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Author Topic: Light Meters?  (Read 2097 times)

mws

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Light Meters?
« on: April 13, 2012, 08:31:36 AM »
How many of you use a light meter? If so, what are you usually shooting with them? I was looking into them on the interwebs the other day, I’m really surprised how expensive they are. Even used older ones on ebay still command a hefty sum.

I’m guessing the majority of people who use them are doing studio/portrait work. Do you still find yourself using one as much as you used to, as in camera metering has improved over the last several years?

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Light Meters?
« on: April 13, 2012, 08:31:36 AM »

Jamesy

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Re: Light Meters?
« Reply #1 on: April 13, 2012, 08:52:01 AM »
I picked up a Sekonic L-358 years ago and it really helps when you are shooting in a studio setting. Cameras typically have reflective meters and a light meter can meter do incident metering explained here: http://www.sekonic.com/Classroom/MeteringTechniques/IncidentvsReflected.aspx

I use the flash mode so it will tell me what the exposure should be with the flash in the exposure, very  helpful indeed.

When I do event style shooting or Aperture priority/eTTL shooting I don't use a meter. I bought one to have it for a workshop by Don Giannatti (Wizwow) years ago (BTW, he was on CreativeLive last week) and thought I would sell it afterwards but have found it is an invaluable tool for any portrait/studio photographer.

xROELOFx

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Re: Light Meters?
« Reply #2 on: April 13, 2012, 09:41:56 AM »
i have a Sekonic L-358 too. i use it to set up my flashes when doing portraits, so i get the right exposure. the camera's meter is not as accurate. with the sekonic i know the exposures are correct.
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Jamesy

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Re: Light Meters?
« Reply #3 on: April 13, 2012, 09:55:35 AM »
i have a Sekonic L-358 too. i use it to set up my flashes when doing portraits, so i get the right exposure. the camera's meter is not as accurate. with the sekonic i know the exposures are correct.
Plus the added bonus of the Sekonic being able to meter the flash exposure too. When you do a reflective reading from a camera to the subject, it is only metering the ambient light reflecting off of the subject.

When you set the a light meter to meter incident combined with flash you get the entire exposure.

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Re: Light Meters?
« Reply #4 on: April 13, 2012, 10:05:39 AM »
i have a Sekonic L-358 too. i use it to set up my flashes when doing portraits, so i get the right exposure. the camera's meter is not as accurate. with the sekonic i know the exposures are correct.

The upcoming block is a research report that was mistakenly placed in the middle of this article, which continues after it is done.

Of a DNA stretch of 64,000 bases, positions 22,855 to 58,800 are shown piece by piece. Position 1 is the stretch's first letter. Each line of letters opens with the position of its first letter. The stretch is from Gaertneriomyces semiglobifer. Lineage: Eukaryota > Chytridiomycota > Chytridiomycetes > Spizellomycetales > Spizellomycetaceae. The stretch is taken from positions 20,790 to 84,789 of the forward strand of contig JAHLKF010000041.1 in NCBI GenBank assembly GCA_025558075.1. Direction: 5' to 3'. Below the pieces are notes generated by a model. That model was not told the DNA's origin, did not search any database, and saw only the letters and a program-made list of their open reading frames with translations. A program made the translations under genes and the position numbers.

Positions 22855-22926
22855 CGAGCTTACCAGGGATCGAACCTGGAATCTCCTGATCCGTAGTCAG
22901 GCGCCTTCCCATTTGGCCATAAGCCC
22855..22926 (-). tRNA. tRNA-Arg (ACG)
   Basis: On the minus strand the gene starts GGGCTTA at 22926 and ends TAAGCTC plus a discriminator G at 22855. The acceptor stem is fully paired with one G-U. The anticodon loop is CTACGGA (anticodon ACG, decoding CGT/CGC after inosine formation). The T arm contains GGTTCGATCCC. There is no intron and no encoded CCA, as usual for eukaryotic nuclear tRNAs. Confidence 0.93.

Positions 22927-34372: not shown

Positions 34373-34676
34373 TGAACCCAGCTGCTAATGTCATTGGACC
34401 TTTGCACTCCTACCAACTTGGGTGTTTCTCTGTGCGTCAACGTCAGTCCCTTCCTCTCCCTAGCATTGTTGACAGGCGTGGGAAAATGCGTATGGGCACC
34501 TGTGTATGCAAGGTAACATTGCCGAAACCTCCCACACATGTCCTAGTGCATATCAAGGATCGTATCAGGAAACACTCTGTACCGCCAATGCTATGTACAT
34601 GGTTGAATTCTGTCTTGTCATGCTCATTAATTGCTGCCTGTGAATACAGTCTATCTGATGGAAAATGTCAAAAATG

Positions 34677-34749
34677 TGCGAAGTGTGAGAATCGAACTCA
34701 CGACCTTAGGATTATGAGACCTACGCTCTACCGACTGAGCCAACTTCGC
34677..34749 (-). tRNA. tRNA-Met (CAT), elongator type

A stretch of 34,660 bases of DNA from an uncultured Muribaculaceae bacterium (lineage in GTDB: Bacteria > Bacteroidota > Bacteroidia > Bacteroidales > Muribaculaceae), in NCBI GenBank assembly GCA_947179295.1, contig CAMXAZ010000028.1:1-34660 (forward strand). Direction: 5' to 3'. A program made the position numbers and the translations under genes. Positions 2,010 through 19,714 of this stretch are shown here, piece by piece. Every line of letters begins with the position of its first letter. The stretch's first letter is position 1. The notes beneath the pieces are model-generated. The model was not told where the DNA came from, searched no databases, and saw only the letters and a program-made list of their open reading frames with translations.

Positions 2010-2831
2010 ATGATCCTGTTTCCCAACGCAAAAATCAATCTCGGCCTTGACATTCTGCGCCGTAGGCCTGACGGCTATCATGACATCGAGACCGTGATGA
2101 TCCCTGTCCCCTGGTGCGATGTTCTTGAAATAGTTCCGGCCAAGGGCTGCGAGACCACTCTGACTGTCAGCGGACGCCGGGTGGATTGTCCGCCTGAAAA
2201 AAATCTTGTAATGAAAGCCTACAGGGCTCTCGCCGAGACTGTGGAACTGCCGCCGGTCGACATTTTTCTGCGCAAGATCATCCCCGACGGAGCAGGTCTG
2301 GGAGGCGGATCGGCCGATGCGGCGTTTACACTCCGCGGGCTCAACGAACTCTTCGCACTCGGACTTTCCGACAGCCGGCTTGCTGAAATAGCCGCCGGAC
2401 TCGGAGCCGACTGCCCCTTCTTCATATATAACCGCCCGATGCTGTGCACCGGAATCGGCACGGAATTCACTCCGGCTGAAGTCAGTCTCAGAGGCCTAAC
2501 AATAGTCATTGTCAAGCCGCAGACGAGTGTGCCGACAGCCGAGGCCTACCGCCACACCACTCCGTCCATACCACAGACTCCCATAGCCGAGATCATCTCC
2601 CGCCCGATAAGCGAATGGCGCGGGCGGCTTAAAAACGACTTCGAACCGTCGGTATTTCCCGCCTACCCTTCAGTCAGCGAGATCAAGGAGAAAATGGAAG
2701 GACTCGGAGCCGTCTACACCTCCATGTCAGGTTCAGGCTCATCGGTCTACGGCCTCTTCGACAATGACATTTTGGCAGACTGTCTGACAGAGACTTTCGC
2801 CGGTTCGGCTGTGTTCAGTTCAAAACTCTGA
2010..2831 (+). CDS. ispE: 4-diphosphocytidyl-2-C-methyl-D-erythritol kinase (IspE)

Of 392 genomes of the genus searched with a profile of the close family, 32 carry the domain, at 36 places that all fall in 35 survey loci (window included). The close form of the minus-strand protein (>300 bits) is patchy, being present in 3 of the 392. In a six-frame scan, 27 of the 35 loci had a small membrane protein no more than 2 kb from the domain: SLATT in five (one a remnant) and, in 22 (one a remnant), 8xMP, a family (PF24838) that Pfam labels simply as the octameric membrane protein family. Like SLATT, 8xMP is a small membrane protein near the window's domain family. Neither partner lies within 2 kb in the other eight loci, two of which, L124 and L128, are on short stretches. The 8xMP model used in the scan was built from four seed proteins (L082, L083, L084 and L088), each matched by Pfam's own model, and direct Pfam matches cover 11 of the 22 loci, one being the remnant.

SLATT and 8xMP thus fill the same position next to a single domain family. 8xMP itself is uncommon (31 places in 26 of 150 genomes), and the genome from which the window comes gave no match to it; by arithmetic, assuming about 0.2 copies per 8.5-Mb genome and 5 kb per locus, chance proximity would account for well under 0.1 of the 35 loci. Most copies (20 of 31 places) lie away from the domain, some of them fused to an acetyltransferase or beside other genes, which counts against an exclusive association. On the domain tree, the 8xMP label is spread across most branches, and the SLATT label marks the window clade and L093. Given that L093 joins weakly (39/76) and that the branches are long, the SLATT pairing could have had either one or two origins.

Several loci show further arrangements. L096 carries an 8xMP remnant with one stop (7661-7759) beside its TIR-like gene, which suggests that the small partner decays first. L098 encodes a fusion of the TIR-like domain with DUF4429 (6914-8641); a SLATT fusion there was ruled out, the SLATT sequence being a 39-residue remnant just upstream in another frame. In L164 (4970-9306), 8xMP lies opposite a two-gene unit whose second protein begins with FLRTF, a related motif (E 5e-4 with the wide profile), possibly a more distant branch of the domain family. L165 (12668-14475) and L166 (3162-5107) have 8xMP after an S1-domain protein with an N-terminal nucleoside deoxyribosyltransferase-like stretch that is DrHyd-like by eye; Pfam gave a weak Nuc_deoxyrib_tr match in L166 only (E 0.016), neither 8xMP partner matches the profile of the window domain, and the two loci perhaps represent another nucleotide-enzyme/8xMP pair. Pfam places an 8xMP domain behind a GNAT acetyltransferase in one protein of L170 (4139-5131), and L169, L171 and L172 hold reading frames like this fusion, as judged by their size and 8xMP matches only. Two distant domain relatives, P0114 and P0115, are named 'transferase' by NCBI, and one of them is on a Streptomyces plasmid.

Plus the added bonus of the Sekonic being able to meter the flash exposure too. When you do a reflective reading from a camera to the subject, it is only metering the ambient light reflecting off of the subject.

When you set the a light meter to meter incident combined with flash you get the entire exposure.
yes, you are right. that's part what i meant to say :P. i use it to meter each flash individually, to setup each flash's output. and then the whole scene and adjust accordingly.
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PhotoCat

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Re: Light Meters?
« Reply #5 on: April 13, 2012, 10:10:45 AM »
If you want consistent results in terms of lighting ratios for studio shots, definitely get the L-358.
Moreover, with one click, u can get the % contribution of flash under mixed flash/ambient exposure.
Vy handy for off-camera flash outdoor.

awinphoto

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Re: Light Meters?
« Reply #6 on: April 13, 2012, 11:33:14 AM »
I use the L358 when i'm in controlled situations... In camera meters only measures reflected light which bounces off your subject to the camera...  It does an OK job but gets a lot of flack when it doesn't "nail" exposure.  Most external light meters no matter the brand gives you the option to measure reflective as well as incident light (the actual light that hits your subject... It gives you a good base of A) how each light is affecting your subject, brightness, and gives you good control, and B) allows you to measure each light individually and everything cumulative by aiming the dome back to the camera.  You just really dont get that control in metering with a reflective meter which you dont get with reflective meters...  Reflective meters are good if you know how to read it, know how it relates to the scene and compensate depending on what it gives you (+2 stops if metering white subjects, -2 if measuring dark subjects, etc....) 
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Re: Light Meters?
« Reply #6 on: April 13, 2012, 11:33:14 AM »